Selling is harder every day. This topics series is presented to help you better meet the challenges of resisting discounting and over time increasing your prices)
Selling processes/methods/tactics that were successful become less so over time. Marketplace noise increases daily. The standard practise of push marketing plus outbound sales adds to the noise with targets increasing their use of a Delete key. In order to get to talk to a prospect about how a product
or service brings value, sales needs high quality help from marketing and different sales skills.
This change is necessitated by a market power shift. Power in the process has shifted to the buyer, because the seller is no longer the sole source of information for the purchase. Buyers have ready access to a sea of information about products through the Web. Buyers determine when and how the
seller will interact with them.
In my own case, I receive numerous mail and phone requests every day for “just a few minutes of your time to discuss a new product or service that will bring benefit to your business“. Delete. I need to be engaged by the sellers content and knowledge of my situation before I will respond.
Many sales and marketing teams still misunderstand this point, wasting millions of dollars yearly of internal funds. If a selling company was effective in fixing this they would experience:
- Marketing having ongoing conversations with their target market
- The bulk of the sales conversations would be initiated by the buyer.
- The momentum of the sales cycles would be increasing (shorter cycles)
- Reduction of the cost of sales and
- Rising profits.
In our consulting practise we see the opposite happening for many companies.
Any modern selling process (what the seller does) now takes a distant back seat to fully the knowing the buyer, the buyer’s (hidden) process (what the buyers do) and the value the seller brings during the buying process. This is a sea change in how many previously successful sales people have been trained.
(In part 2 I describe one of the changes needed – in marketing )
Your comments and examples are welcomed.
- Marketing Automation is Not the Magic Bullet for Your Sales Issues (regnordman.com)
- E-Selling and buying (cash-bandit.com)
- The Future of Buyer Personas is Social – Part 2 (customerthink.com)
- Adopting a Buyer-Focused Marketing Model (reportcontentwriter.wordpress.com)
Go for No! Yes is the destination No is how you get there. Richard Fenton & Andrea Waltz. 2010. ISBN 9780966398137. Quite a surprising book. In less than 80 pages its the “story” of how one sales guy was able to dramatically turn things around. It is built around what we know how self limiting goals cause us to ‘quit early’. Rather than counting the number of closed deals you count the number of “nos” each day. Failure to talk to enough people is one of the big self limits to sales. I liked the book and would recommend it as a good addition to your sales library. It’s good for a boost and a reminder of the basics.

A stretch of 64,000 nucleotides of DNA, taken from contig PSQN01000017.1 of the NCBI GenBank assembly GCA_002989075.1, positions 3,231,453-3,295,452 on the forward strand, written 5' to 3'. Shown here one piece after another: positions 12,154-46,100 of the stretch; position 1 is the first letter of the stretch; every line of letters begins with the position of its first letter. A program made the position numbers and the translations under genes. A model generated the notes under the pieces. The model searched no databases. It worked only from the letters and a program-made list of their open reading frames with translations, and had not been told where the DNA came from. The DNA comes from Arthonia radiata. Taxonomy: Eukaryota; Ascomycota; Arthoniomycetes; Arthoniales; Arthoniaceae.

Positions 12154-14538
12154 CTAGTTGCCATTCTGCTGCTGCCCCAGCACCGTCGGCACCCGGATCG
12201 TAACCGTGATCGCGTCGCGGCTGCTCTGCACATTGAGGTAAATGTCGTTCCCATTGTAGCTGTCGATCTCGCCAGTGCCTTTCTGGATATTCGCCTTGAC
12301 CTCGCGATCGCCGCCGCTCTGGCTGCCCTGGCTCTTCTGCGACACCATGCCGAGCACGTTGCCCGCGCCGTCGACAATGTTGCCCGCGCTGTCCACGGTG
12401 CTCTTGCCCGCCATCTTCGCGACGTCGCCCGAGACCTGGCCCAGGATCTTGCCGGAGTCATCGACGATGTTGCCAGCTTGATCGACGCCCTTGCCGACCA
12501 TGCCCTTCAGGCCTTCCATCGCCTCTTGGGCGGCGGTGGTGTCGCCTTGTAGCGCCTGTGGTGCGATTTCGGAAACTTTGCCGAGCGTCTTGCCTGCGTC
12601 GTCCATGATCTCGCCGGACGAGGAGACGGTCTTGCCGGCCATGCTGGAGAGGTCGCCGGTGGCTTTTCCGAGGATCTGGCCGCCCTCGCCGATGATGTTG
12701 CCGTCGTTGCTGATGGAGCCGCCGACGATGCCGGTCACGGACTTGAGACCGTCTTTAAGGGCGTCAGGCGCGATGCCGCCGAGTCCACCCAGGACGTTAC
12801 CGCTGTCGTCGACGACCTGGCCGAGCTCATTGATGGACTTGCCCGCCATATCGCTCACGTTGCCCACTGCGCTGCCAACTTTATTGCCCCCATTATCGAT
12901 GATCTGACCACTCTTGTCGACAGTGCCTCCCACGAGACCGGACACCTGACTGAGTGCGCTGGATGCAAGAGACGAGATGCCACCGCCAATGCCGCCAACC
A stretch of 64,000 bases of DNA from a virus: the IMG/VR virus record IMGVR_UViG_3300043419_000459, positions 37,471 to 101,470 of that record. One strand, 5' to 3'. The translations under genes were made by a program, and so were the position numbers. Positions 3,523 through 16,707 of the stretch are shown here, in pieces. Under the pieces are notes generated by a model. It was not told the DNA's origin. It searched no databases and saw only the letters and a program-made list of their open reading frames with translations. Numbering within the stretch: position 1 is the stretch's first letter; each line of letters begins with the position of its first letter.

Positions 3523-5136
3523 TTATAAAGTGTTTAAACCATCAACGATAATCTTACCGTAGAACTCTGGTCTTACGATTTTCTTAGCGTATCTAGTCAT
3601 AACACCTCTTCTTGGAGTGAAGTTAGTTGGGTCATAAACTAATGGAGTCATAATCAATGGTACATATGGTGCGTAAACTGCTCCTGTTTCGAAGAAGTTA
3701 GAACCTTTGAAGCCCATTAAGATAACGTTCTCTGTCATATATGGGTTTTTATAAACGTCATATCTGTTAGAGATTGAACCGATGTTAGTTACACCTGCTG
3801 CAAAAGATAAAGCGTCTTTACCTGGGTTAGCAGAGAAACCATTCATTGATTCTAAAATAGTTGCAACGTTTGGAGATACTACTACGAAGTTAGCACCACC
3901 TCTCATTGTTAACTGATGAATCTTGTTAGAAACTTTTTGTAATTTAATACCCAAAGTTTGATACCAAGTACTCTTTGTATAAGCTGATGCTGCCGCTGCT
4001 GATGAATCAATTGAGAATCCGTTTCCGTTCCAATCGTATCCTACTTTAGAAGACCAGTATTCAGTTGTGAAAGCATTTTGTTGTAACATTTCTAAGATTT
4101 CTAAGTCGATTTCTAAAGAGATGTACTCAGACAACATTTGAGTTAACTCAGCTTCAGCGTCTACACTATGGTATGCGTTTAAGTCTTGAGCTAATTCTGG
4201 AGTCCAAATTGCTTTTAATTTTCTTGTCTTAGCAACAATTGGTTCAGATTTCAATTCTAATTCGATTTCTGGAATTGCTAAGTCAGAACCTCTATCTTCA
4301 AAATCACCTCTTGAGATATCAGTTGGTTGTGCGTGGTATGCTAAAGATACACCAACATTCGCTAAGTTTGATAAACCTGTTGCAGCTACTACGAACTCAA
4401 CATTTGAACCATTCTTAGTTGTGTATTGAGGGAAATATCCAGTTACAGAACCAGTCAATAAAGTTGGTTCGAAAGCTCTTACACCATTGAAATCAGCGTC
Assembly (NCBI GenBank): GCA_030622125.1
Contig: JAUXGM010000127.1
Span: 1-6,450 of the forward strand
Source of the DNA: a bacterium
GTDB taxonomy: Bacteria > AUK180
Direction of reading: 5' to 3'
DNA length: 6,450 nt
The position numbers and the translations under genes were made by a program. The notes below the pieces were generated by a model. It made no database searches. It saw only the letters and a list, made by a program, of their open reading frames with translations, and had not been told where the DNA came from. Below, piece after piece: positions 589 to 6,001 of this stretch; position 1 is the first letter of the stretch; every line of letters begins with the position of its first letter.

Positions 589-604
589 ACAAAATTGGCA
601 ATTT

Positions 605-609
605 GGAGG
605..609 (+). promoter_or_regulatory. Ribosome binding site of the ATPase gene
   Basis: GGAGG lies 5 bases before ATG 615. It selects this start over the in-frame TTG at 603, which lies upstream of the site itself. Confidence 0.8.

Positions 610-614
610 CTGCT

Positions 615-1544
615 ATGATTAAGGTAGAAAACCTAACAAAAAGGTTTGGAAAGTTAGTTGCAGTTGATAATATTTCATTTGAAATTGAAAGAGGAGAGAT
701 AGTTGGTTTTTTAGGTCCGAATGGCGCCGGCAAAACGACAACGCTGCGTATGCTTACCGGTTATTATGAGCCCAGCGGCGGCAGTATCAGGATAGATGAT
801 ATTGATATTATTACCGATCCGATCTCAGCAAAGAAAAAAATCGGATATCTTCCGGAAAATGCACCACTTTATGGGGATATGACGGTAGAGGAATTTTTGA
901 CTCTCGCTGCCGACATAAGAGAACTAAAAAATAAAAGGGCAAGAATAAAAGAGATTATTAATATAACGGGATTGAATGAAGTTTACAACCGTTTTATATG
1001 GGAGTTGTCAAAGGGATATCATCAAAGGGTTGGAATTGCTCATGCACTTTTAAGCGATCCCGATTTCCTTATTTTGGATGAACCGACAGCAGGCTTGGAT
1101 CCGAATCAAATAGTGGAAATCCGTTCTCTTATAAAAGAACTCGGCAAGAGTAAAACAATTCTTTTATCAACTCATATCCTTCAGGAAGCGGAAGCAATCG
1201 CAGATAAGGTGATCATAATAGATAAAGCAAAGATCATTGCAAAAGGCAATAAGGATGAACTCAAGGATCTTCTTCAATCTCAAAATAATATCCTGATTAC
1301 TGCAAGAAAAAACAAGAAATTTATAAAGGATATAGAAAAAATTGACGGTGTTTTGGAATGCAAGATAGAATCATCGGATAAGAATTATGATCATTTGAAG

- Go For No by Richard Fenton and Andrea Waltz (bayintegratedmarketing.wordpress.com)
Sharon Drew Morgen recently authored a good article on the marketing automation guide on marketing automation. It spurred some good comments, many of which I agree with. As we develop more expertise in Content Marketing I see a very strong correlation between great content marketing and increased momentum through the sales cycle. As I read this weekend, “nurture your leads towards value, not the sale”. What bothers me is that technology companies seem to want to reach first for a technology solution, before they identify their major impediments to sales. Witness CRM systems that sales people still do not use. If they do use it, CRM does not improve the sales activities. Marketing Automation is now under that same cloud.
A long time ago I found that as a CEO you need to be in front of the customer to find out what they think of what you make and what you need to do to better serve their needs. Of course marketing automation will handle lots of leads and provide support to a strong nurturing program. But to do this properly you need compelling content, written for the buyer to support their buying process, when they need it. This is now the time for the writer, not an automated tool. The power is now in the hands of the buyer, not the seller. Buyers chose the field making the old push model, which never worked well, way past its best before date. Sales must be beefed up with a strong inbound marketing program. If you do not have the marketing chops already, buying a tool will not give them to you.
- Demand Generation Necessary For Lead Generation! (customerthink.com)